The new Sunset Park Solar project in New York City is a perfect example of the sort of initiative a Green New Deal could finance across the nation. Uprose, one of the oldest community-based Latinx organizations in the city, partnered with several groups, including the state government agency NYC Economic Development Corporation, woman-owned solar installer 770 Electric and consumer-owned cooperative Co-op Power, to install community-owned solar on top of the Brooklyn Army Terminal by the end of 2019. When finished, it will serve 200 low-income residents with electricity that’s cheaper and more resilient in the face of potential climate-related grid disruption. At larger scales, different forms of democratized ownership begin to come into focus. Public ownership at the city level cuts out investors demanding higher rates and allows for long-term and holistic community investment. Residents of Boulder, Colo., have waged a multi-year struggle to take their electric utility into public ownership for the explicit goal of transitioning to clean energy. Cutting their contract with investor-owned utility Xcel would free them from the company’s historical foot-dragging on renewable energy deployment, allowing them to make their own decisions about how to transform their grid.
At the state level, campaigns to take power systems back into public hands are making strides. In California, the failures, greed and bankruptcy of the statewide grid operator, PG&E, has prompted activists to push for public ownership instead of an investor bailout. In Rhode Island, the Democratic Socialists of America’s #NationalizeGrid campaign against power company National Grid is picking up steam. In January, Rick Savage, a Republican and business owner from Bethel, Maine, responded to the possibility of a public utility quite straightforwardly: “Creating Maine Power will reduce costs to businesses like mine, put the control back in our hands, and put money back in our pockets as Mainers.”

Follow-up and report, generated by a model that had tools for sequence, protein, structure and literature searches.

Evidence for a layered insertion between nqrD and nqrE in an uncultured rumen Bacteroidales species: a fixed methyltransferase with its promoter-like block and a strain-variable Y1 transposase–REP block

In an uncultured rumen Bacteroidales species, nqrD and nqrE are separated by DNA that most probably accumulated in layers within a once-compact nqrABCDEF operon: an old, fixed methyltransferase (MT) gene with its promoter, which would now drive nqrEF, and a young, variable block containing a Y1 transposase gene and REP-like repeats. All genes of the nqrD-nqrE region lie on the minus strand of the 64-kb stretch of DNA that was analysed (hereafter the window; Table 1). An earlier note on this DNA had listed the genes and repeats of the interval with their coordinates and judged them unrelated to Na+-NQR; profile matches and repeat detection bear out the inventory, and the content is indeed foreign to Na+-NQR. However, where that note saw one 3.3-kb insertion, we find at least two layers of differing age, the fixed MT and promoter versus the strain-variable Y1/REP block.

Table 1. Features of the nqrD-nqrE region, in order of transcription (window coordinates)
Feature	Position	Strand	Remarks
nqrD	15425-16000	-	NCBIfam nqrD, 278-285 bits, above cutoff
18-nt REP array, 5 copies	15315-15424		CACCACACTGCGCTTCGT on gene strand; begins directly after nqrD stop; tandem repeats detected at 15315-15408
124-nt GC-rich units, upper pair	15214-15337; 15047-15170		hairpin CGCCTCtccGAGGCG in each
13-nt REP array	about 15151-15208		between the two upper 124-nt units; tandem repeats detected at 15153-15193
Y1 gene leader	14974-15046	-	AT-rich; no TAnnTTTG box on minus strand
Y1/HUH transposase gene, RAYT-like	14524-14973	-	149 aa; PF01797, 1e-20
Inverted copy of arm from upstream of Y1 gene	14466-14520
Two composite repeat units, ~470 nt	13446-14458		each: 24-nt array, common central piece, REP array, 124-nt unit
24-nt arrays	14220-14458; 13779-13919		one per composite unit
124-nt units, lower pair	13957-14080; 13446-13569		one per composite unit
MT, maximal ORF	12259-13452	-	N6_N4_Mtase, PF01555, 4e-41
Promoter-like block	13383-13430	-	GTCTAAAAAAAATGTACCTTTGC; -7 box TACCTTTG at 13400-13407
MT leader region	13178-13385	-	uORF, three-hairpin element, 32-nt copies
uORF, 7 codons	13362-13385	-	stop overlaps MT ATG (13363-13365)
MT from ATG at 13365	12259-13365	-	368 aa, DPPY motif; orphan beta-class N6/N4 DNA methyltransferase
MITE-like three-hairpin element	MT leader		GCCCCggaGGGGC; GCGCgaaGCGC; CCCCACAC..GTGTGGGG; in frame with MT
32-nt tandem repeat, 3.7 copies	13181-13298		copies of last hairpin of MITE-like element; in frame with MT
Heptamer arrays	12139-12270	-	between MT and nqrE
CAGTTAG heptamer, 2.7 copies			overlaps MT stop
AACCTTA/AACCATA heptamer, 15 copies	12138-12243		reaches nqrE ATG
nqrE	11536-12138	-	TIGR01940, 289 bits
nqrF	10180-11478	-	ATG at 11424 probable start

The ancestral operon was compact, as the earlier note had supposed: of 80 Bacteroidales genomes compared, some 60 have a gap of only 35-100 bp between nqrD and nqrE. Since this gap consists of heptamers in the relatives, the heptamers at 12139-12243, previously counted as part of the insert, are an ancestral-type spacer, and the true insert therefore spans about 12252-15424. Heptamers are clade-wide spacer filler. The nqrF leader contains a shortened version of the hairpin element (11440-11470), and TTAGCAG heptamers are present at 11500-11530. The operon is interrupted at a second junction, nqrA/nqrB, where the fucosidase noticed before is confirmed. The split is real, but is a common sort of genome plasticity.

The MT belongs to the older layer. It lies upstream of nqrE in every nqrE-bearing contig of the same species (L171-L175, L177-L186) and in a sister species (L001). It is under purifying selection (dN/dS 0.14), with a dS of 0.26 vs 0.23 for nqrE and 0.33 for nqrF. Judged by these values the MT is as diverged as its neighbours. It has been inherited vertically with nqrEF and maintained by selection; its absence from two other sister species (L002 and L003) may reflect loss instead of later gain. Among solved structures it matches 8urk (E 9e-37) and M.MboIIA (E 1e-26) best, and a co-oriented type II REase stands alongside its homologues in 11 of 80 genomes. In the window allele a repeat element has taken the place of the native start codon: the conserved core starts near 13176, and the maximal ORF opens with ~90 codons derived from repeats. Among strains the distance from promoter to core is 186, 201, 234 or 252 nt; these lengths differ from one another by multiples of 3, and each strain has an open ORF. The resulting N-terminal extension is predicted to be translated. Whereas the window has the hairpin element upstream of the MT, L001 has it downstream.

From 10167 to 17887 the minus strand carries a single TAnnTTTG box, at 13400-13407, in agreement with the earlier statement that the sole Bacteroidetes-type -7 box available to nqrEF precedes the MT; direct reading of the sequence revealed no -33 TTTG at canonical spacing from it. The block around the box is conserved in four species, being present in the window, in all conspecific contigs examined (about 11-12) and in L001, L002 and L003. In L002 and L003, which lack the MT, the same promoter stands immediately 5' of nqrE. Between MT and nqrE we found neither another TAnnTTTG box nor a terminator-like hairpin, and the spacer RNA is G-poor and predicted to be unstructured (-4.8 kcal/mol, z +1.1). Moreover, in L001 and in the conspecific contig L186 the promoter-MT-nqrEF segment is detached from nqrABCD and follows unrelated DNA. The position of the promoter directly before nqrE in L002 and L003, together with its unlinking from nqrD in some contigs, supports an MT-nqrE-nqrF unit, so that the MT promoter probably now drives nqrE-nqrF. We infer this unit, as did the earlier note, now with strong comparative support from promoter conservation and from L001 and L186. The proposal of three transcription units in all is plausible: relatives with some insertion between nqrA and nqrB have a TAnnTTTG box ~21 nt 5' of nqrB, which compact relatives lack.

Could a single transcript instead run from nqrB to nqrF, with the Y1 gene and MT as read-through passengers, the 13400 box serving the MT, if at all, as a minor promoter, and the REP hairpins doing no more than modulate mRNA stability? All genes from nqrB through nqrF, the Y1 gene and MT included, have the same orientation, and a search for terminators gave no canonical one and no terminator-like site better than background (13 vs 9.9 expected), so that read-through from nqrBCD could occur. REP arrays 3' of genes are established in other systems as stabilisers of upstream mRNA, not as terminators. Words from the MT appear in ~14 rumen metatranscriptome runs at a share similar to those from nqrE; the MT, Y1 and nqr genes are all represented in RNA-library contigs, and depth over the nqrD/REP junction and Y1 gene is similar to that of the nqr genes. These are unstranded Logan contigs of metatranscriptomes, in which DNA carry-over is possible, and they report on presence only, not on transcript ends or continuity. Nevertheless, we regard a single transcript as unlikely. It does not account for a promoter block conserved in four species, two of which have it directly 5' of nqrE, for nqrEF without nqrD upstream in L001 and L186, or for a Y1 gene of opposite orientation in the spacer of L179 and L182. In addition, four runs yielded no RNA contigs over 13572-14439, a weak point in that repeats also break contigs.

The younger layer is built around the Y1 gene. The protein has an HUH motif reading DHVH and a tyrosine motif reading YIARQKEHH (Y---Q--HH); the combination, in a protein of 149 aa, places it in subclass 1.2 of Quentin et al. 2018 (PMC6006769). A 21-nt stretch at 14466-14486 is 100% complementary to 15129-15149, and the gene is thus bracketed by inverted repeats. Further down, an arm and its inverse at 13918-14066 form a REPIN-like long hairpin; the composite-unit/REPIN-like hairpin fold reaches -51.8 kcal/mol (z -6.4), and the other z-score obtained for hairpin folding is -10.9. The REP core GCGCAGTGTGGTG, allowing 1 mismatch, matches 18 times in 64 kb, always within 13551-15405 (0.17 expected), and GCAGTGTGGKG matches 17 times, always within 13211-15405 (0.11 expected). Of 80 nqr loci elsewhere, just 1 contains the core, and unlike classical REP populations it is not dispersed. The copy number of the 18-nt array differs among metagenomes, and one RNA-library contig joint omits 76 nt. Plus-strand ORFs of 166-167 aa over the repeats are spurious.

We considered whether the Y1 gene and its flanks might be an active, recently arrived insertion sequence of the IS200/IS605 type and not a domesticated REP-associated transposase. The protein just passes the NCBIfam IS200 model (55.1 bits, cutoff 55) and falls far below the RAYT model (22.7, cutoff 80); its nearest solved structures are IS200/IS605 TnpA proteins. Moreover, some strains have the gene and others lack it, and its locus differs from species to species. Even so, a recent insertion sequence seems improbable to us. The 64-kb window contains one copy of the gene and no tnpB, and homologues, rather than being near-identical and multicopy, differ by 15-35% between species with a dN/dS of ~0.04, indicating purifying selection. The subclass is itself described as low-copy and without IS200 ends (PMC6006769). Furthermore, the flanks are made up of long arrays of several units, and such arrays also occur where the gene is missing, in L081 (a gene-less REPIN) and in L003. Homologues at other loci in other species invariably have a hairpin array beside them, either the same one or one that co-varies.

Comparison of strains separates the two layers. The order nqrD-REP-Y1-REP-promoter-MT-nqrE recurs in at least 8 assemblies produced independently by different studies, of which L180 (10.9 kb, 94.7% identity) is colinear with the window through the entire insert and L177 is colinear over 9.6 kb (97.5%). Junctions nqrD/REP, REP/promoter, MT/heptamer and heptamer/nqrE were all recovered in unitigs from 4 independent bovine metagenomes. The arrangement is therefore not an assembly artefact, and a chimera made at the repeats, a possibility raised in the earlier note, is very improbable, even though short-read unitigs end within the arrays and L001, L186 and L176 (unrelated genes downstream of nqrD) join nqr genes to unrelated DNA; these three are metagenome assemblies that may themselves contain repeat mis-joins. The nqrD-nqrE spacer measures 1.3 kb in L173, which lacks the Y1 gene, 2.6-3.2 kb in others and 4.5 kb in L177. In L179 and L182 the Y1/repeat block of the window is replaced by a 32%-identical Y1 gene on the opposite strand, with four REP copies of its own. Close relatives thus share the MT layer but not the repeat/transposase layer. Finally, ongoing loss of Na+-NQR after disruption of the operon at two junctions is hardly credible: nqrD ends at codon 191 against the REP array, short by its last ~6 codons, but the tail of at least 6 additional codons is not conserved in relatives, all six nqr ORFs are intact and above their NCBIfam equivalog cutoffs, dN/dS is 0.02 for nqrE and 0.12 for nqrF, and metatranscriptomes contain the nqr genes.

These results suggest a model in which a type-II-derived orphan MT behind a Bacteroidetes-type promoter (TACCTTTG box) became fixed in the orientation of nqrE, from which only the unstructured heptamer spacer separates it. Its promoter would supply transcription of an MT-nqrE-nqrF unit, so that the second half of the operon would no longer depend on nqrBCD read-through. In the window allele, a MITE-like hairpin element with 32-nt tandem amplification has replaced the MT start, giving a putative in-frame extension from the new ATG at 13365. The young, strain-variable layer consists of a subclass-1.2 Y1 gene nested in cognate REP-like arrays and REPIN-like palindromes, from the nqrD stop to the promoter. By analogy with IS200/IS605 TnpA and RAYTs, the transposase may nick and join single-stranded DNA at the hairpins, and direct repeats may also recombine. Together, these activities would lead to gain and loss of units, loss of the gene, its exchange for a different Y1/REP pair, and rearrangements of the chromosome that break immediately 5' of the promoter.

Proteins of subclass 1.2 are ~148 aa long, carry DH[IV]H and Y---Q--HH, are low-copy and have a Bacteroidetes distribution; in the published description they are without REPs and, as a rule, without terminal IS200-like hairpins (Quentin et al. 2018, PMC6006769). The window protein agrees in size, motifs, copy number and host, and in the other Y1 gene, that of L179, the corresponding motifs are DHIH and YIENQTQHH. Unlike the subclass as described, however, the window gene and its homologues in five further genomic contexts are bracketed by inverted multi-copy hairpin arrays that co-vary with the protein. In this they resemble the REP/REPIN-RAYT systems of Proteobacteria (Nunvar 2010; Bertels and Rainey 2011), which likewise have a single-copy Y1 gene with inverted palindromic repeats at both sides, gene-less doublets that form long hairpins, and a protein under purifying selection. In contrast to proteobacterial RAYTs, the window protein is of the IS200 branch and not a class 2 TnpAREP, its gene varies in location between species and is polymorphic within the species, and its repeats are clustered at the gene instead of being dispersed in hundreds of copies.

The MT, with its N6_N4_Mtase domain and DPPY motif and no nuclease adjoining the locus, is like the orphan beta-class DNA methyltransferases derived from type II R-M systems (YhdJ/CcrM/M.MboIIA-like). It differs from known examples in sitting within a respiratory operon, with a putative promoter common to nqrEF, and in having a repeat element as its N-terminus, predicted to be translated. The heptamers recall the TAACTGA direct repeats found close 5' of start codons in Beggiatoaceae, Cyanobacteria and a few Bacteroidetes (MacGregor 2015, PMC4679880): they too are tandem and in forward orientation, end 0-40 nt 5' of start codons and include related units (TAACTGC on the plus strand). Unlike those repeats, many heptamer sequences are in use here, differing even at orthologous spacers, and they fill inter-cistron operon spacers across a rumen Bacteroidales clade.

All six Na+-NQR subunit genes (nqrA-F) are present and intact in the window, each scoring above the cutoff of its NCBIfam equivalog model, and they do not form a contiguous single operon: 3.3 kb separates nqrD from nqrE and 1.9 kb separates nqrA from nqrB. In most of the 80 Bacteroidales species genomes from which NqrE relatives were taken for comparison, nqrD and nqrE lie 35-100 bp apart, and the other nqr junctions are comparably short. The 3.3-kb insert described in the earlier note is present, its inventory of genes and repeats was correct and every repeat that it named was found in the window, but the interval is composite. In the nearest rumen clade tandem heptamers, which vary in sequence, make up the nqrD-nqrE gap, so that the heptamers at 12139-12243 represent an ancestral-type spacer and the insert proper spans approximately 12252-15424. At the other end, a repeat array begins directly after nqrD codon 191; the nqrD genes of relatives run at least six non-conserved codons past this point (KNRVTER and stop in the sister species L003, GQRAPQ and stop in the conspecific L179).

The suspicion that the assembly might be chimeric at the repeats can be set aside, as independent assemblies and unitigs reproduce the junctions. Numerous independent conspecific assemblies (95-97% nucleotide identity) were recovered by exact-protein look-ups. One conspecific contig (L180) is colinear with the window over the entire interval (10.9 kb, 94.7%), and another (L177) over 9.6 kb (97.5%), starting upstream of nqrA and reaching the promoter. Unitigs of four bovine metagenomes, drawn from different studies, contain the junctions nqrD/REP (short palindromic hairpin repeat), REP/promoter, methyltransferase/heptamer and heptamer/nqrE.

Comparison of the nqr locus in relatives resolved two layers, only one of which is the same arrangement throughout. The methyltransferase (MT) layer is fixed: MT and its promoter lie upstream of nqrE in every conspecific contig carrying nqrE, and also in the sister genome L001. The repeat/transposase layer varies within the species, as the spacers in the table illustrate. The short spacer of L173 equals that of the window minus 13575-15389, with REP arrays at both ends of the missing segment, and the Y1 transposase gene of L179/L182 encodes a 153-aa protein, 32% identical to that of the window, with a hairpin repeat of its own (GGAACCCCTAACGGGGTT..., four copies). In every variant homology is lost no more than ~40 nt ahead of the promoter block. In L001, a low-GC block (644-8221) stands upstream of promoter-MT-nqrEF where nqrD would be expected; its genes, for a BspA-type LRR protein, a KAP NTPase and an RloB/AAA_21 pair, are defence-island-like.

The Green New Deal could give communities the much-needed financing, legal authority and capacity to kick out investor-owned utilities in favor of community-run, renewable-powered ones by launching a Community Ownership of Power Administration, akin to Roosevelt’s REA.
We also need to think about large-scale planning that can structurally shift entire systems to serve the many. Here, another program of the original New Deal shows what can be done: The Tennessee Valley Authority (TVA), a government-owned corporation created in 1933, was part rural electrification program, part agricultural management, part river management, and part jobs program for a region of the country hit hard by poverty. A large-scale experiment in regional planning, TVA now provides wholesale energy to seven states and 10 million customers.